Mass flux measurements across the margin of the Antarctic ice sheetEntry ID: ASAC_2318
Abstract: Metadata record for data from ASAC Project 2318
See the link below for public details on this project.
---- Public Summary from Project ----
This project is a cooperative venture between Australian and Italian institutes in a study of the mass budget of a large sector of the East Antarctic ice sheet. The mass budget represents the difference between the net input of moisture ... from the ocean as snow accumulating on the surface and the discharge of ice from the grounded part of the ice sheet. Any mismatch between these input and out put terms produces a direct contribution to change in sea level. Measurements of ice thickness along the coastal margin of the grounded ice sheet, combined with velocity data derived from satellite remote sensing methods, will provide the first direct measurements of the total mass output for the part of the ice sheet draining through this sector of the coastline. The observations will also a baseline against which future change in the mass flux can be assessed.
From the abstract of the referenced paper:
An air-borne radio echo sounding survey was conducted over the Amery Ice Shelf, East Antarctica, in December 2003. Nine transverse profiles where obtained approximately normal to the flow of direction, together with one longitude profile for a total length of of flight lines of about 1000km. We determined the spatial distribution of the characteristics of the RES signal returned from the ice-water interface at the base of the shelf. The key characteristics are described by the amplitude of the echo and the slope of the leading edge of the returned pulse.
For the mass flux we ice thickness values extracted from our RES data, and velocities derived form InSAR maximum coherence tracking in pairs of Radarsat SAR images, with control provided by surface measurements. We calculate the mass budget for a set of discrete areas bounded by our RES survey lines across the shelf, and flow-lines derived from the velocity field (modified in the across shelf components of the velocity) and from linear flow-features identified in the satellite images. using available estimates of the snow accumulation rate at the upper surface, and assuming the ice thickness and velocities are stationary in time, we attribute the mass imbalance within a sub-area to be the result of melt or freeze at the base of the shelf.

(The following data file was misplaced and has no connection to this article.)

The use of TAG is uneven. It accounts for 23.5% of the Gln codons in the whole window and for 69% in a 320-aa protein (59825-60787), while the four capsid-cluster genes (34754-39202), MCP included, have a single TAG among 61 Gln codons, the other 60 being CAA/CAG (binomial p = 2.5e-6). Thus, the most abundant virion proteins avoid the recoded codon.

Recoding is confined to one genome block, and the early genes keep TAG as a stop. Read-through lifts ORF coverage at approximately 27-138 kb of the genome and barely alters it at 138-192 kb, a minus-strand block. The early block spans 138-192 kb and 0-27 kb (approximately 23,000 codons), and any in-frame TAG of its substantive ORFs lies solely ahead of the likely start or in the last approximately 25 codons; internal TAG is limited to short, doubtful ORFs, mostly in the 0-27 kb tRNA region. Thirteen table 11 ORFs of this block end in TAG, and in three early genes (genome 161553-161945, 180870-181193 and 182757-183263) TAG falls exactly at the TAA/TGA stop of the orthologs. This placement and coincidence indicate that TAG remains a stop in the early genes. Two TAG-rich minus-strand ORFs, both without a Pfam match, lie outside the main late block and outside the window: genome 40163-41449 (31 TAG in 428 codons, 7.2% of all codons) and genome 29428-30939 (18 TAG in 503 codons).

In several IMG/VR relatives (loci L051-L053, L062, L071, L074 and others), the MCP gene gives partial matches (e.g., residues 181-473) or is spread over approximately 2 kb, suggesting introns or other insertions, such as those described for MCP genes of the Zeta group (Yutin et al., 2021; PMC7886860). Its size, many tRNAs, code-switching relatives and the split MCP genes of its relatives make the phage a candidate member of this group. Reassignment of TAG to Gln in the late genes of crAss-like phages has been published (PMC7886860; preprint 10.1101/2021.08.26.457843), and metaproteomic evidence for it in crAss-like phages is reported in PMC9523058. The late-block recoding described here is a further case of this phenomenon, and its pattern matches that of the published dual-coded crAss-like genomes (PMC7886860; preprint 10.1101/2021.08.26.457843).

Both, the distribution of values of melt-freeze rates, and of the characteristics basal echoes form distinct patterns that appear to be influenced by variations in the ice draft and conditions in the sub-shelf ocean cavity. We find a net melt regime associated with the deeper draft to the South and under the central part of the shelf, and net freeze conditions in the North and sides, particularly towards the western margin. the strength of the electromagnetic signals reflected from the ice water-interface shows a similar pattern of variation along all nine transverse profiles. We find a strong association with basal mass balance
Summary of progress 2004/2005
The field phase of the project was completed in 03/04 season. Current work involves analysis and interpretation of the Radio Echo Sounding measurements of ice thickness. An initial appraisal was completed of all RES data. A coarsely-spaced set of preliminary estimates of ice thickness were extracted and merged with GPS position data for generation of a first-cut distribution of ice thickness round a large sector of the ice sheet margin. New analysis systems have been developed and to-date applied to 25% of the data for extraction of detail ice thickness information and characteristics of the radar echoes.